Paying the Friendship Tax

Reading the query, below I love the columnist’s advice and share it with you in its entirety. I am a firm believeryou don’t have to impress your true friends. I always find it best to be honest, as being opening about your finances will perhaps allow others to feel comfortable enough to do the same. I personally always like to invite friends for walks. The activity is free, and most people just want to catch up. Plus, many individuals are more open to sharing if they don’t have to make direct eye contact with you. Albeit those times that I must meet for meals I try to be considered and pick a place with a happy hour, an inexpensive late night dining option, or a wonderful dessert menu.

 

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Q: I was invited to a friend’s birthday dinner. We’re not close, but we see each other in group settings. The restaurant she chose is a notoriously expensive sushi place. But we’re all in our early 20s. I think it’s unreasonable for her to expect us to shell out so much for her birthday. (Plus, we don’t let honorees pay for their meals, so we’d incur even more expense.) Is it O.K. to bail on this party? I don’t want to make up an excuse, but I don’t want to tell her I’m not coming because of money either. Help! –ANONYMOUS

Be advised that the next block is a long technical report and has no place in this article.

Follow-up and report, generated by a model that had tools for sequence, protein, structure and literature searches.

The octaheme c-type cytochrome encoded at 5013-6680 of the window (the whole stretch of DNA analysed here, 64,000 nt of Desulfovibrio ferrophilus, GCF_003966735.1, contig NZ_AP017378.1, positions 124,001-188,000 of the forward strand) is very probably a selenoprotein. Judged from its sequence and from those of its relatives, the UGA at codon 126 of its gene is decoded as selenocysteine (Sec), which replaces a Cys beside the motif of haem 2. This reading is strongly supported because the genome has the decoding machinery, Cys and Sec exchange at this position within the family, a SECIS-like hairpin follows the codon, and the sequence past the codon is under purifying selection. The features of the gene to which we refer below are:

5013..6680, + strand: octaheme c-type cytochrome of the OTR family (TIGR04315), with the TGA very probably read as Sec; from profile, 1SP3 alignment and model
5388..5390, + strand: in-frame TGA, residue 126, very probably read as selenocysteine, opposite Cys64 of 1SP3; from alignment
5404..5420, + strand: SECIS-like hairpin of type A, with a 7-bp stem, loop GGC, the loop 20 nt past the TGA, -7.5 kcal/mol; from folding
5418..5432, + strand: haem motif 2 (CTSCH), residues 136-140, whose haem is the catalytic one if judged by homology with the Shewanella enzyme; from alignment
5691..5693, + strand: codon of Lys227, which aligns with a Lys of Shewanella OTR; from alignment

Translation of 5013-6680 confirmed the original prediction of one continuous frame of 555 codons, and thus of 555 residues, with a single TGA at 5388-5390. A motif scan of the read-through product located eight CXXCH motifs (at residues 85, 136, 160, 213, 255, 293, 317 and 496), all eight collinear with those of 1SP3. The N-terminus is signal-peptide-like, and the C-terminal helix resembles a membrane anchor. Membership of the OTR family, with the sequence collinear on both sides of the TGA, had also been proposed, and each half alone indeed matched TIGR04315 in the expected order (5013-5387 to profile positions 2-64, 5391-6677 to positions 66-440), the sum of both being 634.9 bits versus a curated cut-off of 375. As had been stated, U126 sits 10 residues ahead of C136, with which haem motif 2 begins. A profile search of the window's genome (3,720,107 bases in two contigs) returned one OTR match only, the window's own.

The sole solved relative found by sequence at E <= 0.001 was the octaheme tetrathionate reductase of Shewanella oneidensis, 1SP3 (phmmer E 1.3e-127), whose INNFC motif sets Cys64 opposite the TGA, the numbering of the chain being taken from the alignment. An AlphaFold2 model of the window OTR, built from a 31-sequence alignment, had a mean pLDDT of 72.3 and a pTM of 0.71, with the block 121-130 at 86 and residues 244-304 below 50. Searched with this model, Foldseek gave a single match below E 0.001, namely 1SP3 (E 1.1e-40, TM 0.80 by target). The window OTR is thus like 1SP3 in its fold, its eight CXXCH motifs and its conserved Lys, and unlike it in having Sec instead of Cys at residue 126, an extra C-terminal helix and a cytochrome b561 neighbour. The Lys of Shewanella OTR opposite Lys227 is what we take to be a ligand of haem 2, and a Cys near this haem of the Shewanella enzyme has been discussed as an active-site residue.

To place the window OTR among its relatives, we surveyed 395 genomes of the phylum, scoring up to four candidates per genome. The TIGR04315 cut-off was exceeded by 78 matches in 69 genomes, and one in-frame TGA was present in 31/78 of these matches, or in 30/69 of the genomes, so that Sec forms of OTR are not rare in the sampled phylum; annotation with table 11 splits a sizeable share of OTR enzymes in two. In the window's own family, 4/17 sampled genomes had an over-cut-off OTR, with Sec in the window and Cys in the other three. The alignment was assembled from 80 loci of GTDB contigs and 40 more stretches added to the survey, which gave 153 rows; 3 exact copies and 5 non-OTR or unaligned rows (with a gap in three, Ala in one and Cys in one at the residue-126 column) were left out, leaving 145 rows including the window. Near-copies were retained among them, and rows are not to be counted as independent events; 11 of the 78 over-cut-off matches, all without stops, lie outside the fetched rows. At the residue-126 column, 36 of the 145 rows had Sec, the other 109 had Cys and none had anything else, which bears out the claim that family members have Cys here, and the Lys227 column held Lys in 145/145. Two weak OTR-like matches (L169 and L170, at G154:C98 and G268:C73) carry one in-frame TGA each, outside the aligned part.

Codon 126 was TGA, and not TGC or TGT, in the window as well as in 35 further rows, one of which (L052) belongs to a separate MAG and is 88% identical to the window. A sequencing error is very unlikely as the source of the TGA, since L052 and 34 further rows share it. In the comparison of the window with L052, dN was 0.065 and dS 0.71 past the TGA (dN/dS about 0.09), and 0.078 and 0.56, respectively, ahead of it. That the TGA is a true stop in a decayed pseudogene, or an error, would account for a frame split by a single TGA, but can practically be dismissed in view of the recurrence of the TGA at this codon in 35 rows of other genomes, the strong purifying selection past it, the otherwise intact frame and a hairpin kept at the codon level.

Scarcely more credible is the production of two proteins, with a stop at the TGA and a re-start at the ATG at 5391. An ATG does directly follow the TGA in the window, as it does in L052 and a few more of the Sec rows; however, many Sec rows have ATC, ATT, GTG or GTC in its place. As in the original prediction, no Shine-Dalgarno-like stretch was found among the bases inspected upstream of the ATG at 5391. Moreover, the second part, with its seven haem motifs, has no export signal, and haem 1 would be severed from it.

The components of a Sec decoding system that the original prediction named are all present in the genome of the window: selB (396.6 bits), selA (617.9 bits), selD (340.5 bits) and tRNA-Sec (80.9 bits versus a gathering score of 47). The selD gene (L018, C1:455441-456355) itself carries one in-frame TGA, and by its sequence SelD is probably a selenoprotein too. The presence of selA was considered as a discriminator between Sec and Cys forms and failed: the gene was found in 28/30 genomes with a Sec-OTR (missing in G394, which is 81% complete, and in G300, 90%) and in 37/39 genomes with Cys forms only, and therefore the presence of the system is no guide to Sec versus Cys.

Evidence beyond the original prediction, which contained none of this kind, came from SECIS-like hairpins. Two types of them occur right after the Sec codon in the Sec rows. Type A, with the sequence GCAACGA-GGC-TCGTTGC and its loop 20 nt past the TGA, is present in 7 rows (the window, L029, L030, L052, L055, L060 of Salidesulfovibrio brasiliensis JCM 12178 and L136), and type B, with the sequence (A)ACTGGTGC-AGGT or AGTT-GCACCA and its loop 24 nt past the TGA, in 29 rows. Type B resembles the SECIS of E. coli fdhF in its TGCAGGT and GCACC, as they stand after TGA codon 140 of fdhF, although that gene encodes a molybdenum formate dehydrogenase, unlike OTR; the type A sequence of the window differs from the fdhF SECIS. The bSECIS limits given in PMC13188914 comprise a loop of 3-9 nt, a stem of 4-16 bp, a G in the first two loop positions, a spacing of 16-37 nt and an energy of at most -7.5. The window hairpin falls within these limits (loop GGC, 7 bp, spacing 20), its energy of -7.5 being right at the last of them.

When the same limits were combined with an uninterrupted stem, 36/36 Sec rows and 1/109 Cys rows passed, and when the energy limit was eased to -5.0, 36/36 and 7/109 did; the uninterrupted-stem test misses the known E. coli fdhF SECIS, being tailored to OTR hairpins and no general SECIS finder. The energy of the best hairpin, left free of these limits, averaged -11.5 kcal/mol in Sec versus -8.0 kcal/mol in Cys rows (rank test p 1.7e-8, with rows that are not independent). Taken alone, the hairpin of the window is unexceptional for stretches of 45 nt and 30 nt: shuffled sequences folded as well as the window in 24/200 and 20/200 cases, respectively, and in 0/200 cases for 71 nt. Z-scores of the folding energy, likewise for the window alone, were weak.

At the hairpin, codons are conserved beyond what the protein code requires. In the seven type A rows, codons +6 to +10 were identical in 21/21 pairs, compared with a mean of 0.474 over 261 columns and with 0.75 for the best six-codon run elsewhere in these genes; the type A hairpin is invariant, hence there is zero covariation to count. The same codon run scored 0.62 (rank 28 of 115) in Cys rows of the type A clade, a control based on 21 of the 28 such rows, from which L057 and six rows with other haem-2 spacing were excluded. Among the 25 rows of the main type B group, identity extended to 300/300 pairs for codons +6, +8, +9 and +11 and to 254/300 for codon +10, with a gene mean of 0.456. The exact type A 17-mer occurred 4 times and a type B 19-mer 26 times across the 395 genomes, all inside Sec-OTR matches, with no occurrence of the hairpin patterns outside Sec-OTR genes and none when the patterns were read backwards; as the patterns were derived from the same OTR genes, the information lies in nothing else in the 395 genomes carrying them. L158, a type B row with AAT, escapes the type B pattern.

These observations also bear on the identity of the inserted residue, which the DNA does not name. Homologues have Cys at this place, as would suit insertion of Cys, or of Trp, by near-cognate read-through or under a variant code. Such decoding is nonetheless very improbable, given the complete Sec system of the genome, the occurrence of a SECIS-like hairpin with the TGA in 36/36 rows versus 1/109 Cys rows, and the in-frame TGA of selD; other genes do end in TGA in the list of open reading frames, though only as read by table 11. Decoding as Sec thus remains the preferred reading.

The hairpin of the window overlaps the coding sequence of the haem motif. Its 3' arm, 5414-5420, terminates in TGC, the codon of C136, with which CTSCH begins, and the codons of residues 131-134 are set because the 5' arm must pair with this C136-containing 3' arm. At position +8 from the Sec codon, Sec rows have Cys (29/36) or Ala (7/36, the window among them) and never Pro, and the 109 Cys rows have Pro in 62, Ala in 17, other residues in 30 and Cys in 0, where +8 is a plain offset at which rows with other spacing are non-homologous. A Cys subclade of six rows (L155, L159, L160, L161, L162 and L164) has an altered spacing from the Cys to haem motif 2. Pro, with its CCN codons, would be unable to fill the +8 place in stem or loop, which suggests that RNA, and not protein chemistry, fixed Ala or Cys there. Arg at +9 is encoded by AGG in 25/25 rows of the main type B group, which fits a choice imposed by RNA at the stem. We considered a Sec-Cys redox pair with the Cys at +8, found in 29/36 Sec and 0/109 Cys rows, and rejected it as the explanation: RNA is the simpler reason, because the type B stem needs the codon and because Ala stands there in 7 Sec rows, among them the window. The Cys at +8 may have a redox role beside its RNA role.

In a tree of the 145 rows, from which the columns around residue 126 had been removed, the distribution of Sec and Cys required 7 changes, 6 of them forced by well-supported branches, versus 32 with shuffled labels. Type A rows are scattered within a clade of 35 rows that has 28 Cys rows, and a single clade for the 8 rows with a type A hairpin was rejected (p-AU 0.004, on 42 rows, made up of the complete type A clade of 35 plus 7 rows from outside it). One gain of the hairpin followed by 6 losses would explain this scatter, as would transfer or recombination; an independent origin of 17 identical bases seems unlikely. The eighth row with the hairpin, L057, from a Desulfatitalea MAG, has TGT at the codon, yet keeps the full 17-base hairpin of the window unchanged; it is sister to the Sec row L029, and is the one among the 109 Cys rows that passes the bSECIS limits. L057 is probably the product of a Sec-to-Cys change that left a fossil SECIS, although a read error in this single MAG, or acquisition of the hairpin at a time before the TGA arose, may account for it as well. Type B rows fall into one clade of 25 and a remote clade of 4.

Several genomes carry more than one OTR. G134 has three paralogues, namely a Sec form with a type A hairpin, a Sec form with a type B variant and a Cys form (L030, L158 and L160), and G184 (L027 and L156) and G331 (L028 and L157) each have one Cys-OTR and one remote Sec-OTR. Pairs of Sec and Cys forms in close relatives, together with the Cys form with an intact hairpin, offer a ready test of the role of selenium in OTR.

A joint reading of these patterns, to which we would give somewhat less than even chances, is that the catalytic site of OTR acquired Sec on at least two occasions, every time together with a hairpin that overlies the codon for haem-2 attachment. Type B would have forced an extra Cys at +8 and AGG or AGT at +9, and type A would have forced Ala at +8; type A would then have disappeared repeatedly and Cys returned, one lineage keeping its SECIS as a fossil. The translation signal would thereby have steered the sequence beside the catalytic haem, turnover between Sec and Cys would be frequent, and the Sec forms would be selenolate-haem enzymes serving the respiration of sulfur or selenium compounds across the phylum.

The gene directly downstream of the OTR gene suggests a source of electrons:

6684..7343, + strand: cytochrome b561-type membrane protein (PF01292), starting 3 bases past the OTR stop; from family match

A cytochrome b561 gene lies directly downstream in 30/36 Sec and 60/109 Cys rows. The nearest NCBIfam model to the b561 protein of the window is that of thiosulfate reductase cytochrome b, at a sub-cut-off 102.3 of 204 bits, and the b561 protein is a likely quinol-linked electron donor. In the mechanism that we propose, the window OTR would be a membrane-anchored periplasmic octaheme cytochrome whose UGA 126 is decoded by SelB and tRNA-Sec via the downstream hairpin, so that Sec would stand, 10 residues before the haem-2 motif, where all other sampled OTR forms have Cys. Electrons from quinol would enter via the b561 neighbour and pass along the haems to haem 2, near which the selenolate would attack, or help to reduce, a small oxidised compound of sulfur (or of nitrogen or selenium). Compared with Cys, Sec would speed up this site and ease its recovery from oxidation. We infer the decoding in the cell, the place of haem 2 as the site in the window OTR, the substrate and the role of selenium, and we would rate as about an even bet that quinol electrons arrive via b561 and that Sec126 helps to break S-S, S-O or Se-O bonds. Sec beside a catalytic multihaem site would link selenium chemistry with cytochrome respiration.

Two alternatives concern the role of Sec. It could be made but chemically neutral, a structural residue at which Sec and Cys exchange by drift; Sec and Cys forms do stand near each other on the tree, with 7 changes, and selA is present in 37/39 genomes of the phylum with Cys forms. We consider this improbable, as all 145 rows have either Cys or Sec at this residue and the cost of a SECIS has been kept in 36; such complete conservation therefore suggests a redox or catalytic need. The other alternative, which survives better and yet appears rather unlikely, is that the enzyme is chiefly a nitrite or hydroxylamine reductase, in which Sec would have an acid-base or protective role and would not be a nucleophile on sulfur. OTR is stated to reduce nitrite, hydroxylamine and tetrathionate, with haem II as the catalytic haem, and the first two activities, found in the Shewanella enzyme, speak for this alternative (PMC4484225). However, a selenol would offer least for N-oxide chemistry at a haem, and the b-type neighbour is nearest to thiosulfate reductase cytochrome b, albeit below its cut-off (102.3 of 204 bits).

A: Let me get this straight: You don’t want to tell the truth, and you don’t want to lie. (Are you under the impression that I have magical powers?) It is never wrong to say: “Thanks for inviting me! But I’m on a budget and can’t afford to come.”

Here, your reluctance to speak honestly allows the birthday girl to persist in her mistaken belief that her friends can (or want to) spend upward of $100 on sushi in her honor. How will she learn the truth if you don’t say something?

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2 Responses to Paying the Friendship Tax

  1. Honesty is best. But I don’t believe I have to explain myself. So my yes is my yes and my no is my no.

    Liked by 1 person

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